There’s been some chatter on twitter (where else?) about an upcoming ‘Careers in International Development‘ seminar in DC. Folks attending will pay $65 to hear from professional recruiter for two hours on how to get themselves, well, professionally recruited. And that’s nice.
But then what?
There is an “ugly game” going on at the moment.
But we know these things:
- Media attention on an emergency is a significant driver of the general public’s interest in giving to an emergency.
- Media attention on an emergency usually has very little correlation with the level of real unmet basic humans need in that emergency. There are “tent pole” appeals you can number on the fingers of one hand per year. Within the tent there are several dozen emergencies that need responding to each year, which will never make it to prime time. For example, right now the most recent estimates are that there are eighty thousand refugees (and counting) who have crossed the border from Cote D’Ivoire into Liberia.
So I ask these things.
Do you think the response to what’s going on in Cote D’Ivoire/ Liberia has been adequately funded? How about the DRC? Do you think right now that any appeal for humanitarian action in Cote D’Ivoire will attract enough attention to garner more than a few thousand at best, not the millions it needs? Can anyone bear to watch as west Africa slides towards chaos… again? Do you want to hear about the La Nina crisis unattractively unfolding day by day in east Africa? How about a boring exposition upon all the gaps in the early recovery phase in Pakistan, all the places the that all the NGOs never got to?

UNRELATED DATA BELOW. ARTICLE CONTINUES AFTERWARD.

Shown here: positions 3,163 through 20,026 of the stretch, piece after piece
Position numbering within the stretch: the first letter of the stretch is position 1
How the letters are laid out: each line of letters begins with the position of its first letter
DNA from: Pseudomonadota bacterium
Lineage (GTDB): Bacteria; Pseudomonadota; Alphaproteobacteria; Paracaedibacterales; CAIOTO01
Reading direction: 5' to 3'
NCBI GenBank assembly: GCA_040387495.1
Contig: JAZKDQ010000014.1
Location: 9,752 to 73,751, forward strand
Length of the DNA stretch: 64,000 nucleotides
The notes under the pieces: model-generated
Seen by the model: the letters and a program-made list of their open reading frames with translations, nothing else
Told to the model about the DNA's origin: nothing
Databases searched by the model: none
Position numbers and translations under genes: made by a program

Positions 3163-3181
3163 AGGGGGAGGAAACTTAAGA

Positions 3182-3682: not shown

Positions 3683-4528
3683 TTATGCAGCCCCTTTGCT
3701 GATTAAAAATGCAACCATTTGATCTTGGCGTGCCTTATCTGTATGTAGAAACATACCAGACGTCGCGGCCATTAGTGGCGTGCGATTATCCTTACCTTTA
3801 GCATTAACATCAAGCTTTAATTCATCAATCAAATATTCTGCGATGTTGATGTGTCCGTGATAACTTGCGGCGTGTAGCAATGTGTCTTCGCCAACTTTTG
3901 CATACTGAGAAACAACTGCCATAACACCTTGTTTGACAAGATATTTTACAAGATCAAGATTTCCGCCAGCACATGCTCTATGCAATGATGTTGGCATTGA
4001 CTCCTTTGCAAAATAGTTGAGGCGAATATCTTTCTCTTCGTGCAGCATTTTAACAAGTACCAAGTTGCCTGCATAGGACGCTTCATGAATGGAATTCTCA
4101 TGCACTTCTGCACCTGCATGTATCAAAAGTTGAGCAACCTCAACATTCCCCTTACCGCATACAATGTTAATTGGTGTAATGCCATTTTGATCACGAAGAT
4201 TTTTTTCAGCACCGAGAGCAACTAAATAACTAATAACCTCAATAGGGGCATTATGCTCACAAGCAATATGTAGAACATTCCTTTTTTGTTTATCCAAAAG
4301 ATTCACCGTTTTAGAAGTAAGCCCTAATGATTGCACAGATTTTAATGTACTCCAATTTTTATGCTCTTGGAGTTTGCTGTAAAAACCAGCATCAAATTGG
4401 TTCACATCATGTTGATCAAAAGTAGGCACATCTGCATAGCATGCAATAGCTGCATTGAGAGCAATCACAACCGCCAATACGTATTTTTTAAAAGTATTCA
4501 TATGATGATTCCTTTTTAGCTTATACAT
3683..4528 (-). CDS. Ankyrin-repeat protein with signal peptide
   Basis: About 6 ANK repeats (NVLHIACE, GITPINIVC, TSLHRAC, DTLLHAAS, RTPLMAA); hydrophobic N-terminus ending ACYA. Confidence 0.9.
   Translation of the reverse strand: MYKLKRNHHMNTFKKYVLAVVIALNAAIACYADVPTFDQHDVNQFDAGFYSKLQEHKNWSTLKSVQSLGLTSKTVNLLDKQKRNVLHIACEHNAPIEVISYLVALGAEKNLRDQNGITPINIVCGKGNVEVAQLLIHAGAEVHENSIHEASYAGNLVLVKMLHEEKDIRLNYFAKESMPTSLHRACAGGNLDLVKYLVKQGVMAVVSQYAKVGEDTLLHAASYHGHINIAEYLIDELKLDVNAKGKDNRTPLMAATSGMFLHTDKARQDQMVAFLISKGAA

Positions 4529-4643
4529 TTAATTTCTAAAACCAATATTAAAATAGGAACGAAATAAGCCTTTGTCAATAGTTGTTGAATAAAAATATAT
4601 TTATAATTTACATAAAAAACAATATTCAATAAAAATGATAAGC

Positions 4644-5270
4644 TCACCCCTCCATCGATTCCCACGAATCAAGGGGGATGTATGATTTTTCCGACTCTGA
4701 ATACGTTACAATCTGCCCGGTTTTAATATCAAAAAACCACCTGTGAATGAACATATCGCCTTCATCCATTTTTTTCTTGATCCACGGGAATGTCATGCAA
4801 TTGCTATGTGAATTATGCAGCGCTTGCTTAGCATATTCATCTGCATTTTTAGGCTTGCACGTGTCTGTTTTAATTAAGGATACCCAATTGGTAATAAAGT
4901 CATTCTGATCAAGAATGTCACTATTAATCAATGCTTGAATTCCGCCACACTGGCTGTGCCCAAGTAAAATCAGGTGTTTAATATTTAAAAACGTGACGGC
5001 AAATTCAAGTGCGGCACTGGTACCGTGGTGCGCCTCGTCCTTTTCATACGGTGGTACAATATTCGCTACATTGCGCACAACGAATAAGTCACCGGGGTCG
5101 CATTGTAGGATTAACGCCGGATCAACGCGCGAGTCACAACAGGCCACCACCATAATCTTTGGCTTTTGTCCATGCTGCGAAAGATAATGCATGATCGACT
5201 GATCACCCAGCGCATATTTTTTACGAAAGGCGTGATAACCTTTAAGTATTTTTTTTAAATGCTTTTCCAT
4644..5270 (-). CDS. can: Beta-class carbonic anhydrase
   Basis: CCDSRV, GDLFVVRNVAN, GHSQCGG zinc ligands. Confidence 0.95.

Or would you switch back over and watch the coverage from Japan with all its happening-now novel nuclear horror?
So when NGOs who learned the lessons of the Tsunami (no, the 2004 one – how strange it is to have to qualify that) put “an asterisk” that the funds raised for a particular emergency might be used to fund their humanitarian work elsewhere in the world, whose fault is that?
The NGOs who have an appreciation of some of the places trapped in human misery that never see the light of day in the western media? The media that yawns at the same old same old images of yet another chronic emergency in Africa? The public antipathy or boredom about last year’s flavour of horror? Human psychology that draws us to feel empathy for the “blameless” victims of the “simple” natural disaster, over the complex and messy human-made crisis?
Imagine you’re a fundraiser with responsibility for all of these disasters. What are the professional and ethical dimensions for you of failing to find a way to resource these forgotten emergencies?
The answer here is not to complain about the existence of “the asterisk”. The answer is not to delete “the asterisk”.
The answer is to make the asterisk bigger. And to put the asterisk first.
I’d love to see on every website appeal in the world right now words like:
“The suffering in Japan is immense. But today, right now as you are reading this, there is immense suffering not just in Japan alone. If you are moved by this tragedy, now is the time to donate to our global emergencies fund — and be a part of our disaster response work worldwide.”
Look, this doesn’t apply just to what’s happening in Japan today. And I’m certainly not saying that I defend the actions of every big, medium or small NGO out there and what they’re doing at the moment, that would be foolish. And maybe right now is the wrong timing to say this.